At Ames Elementary School March 30, Damiene Roberts, a young Air Force staff sergeant dressed in Universal Camouflage Pattern fatigues, crouched into a small chair holding a hardcover picture book.

"OK, let's do this," he said.

The dozen or so second-graders sitting on the rug in front of him listened dutifully as he read Tops and Bottoms, an illustrated allegory about a hare who swindles a bear out of several seasons' worth of farm veggies. Afterward, Roberts took questions from the students, many of whom simply wanted to name the relatives they had in the armed services.

Roberts told the students he worked on UAVs, "which are drones. But that's about all I can say about that."

Several students wanted to know more, and Roberts added that they were Predator and Reaper drones, the same ones used in the Call of Duty games.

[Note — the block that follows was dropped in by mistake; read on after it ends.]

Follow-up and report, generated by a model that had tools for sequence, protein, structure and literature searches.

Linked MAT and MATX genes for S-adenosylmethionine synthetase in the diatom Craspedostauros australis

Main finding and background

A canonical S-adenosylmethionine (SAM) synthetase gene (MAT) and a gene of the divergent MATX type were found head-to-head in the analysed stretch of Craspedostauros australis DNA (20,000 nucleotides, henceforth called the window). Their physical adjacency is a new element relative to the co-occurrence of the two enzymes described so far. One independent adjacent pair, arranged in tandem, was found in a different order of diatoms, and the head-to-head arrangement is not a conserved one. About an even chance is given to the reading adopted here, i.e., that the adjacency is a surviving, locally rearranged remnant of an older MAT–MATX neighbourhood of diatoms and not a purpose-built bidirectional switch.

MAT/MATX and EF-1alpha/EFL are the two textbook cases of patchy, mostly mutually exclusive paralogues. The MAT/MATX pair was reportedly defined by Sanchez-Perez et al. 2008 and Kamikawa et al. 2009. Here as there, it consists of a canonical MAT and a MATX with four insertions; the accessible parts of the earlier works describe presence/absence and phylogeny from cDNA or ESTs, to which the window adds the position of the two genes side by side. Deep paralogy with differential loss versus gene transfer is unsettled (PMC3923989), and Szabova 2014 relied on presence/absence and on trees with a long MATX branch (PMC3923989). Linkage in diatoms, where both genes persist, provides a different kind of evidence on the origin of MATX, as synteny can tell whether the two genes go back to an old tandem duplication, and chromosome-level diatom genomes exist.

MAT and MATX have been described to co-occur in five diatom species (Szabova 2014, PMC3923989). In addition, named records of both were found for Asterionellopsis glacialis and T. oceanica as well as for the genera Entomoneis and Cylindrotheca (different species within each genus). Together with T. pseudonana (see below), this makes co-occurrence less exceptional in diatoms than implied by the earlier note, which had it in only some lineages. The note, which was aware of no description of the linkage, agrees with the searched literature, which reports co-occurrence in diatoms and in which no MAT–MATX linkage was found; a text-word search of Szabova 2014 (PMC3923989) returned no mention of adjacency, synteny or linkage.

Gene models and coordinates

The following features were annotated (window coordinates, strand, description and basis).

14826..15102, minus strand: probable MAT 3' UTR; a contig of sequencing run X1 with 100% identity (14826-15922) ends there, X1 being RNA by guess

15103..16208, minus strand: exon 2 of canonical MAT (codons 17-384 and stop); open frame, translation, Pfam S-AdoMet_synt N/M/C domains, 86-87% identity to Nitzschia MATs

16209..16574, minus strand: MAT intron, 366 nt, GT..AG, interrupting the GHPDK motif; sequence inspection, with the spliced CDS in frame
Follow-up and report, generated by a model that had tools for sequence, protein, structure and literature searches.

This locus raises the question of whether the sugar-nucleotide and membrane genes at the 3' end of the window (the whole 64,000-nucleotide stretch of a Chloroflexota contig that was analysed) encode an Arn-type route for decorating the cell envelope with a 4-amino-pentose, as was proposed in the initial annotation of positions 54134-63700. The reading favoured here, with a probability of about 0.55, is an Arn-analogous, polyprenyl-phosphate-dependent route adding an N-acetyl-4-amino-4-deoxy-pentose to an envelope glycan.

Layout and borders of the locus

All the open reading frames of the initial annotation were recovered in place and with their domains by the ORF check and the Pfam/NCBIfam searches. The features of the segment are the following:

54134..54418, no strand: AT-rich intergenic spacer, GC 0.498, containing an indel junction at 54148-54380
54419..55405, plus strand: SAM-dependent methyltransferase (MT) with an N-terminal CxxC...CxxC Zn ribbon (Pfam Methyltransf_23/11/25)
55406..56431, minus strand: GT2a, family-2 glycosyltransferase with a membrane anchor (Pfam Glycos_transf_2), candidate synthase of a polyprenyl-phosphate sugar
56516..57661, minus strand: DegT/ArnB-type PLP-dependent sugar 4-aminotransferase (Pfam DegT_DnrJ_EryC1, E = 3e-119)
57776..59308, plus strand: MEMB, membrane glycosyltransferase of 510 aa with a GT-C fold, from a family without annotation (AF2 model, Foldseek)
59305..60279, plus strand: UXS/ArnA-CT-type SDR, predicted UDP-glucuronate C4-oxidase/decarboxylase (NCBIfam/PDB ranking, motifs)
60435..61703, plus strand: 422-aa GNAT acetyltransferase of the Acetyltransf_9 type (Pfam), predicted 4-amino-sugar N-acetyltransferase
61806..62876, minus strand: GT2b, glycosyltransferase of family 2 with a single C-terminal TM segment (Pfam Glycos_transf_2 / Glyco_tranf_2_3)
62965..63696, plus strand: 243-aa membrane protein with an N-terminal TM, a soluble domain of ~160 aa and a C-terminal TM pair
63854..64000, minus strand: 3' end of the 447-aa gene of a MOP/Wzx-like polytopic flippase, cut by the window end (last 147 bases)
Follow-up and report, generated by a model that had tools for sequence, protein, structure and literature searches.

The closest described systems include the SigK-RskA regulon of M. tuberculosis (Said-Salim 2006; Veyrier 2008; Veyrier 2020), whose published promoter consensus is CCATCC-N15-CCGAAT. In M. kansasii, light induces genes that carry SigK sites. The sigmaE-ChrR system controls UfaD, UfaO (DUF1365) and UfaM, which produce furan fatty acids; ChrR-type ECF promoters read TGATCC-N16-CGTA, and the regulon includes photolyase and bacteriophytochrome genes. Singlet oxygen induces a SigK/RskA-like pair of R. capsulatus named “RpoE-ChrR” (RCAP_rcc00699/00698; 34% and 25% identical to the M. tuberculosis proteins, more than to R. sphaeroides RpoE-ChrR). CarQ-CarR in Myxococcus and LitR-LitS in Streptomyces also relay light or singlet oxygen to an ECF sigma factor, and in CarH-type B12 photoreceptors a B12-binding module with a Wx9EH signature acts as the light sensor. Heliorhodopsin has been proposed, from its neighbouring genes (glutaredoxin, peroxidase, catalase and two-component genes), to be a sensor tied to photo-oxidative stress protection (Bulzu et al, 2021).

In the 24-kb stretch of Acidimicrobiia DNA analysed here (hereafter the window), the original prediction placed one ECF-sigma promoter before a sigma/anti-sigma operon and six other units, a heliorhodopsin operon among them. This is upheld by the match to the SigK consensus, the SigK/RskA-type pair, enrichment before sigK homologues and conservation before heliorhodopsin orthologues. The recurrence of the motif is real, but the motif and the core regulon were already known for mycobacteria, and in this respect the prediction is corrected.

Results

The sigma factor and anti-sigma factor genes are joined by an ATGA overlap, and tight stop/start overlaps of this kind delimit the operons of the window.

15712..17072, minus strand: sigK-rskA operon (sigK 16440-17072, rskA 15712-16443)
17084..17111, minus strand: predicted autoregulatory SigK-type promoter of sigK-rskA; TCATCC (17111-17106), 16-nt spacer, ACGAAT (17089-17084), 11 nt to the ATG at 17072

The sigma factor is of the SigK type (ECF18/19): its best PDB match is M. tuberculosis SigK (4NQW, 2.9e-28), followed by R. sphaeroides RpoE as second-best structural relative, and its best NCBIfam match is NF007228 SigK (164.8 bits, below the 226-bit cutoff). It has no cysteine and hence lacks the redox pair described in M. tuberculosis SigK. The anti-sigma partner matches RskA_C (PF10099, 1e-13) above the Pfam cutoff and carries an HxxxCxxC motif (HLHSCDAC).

Had he ever been in a country where he didn't speak the language? Roberts said he had, and that he had been able to communicate using a smartphone and a Google translation feature.

Are girls allowed to work in the Air Force, a girl asked? Roberts said they are, and that he works with some. A boy wanted to know their names. Roberts said he was not allowed to share that information.

Three older veterans, James Roberts Jr., William Pollock and Carmine Pecorelli, also came to the school with Damiene Roberts as part of the National Education Association's Read Across America program. Past guest readers have included the district superintendent, town selectmen and National Honor Society members.

The veterans passed out small flags and split up across several classrooms to read to students, then posed with the classes for a group photo in the cafeteria.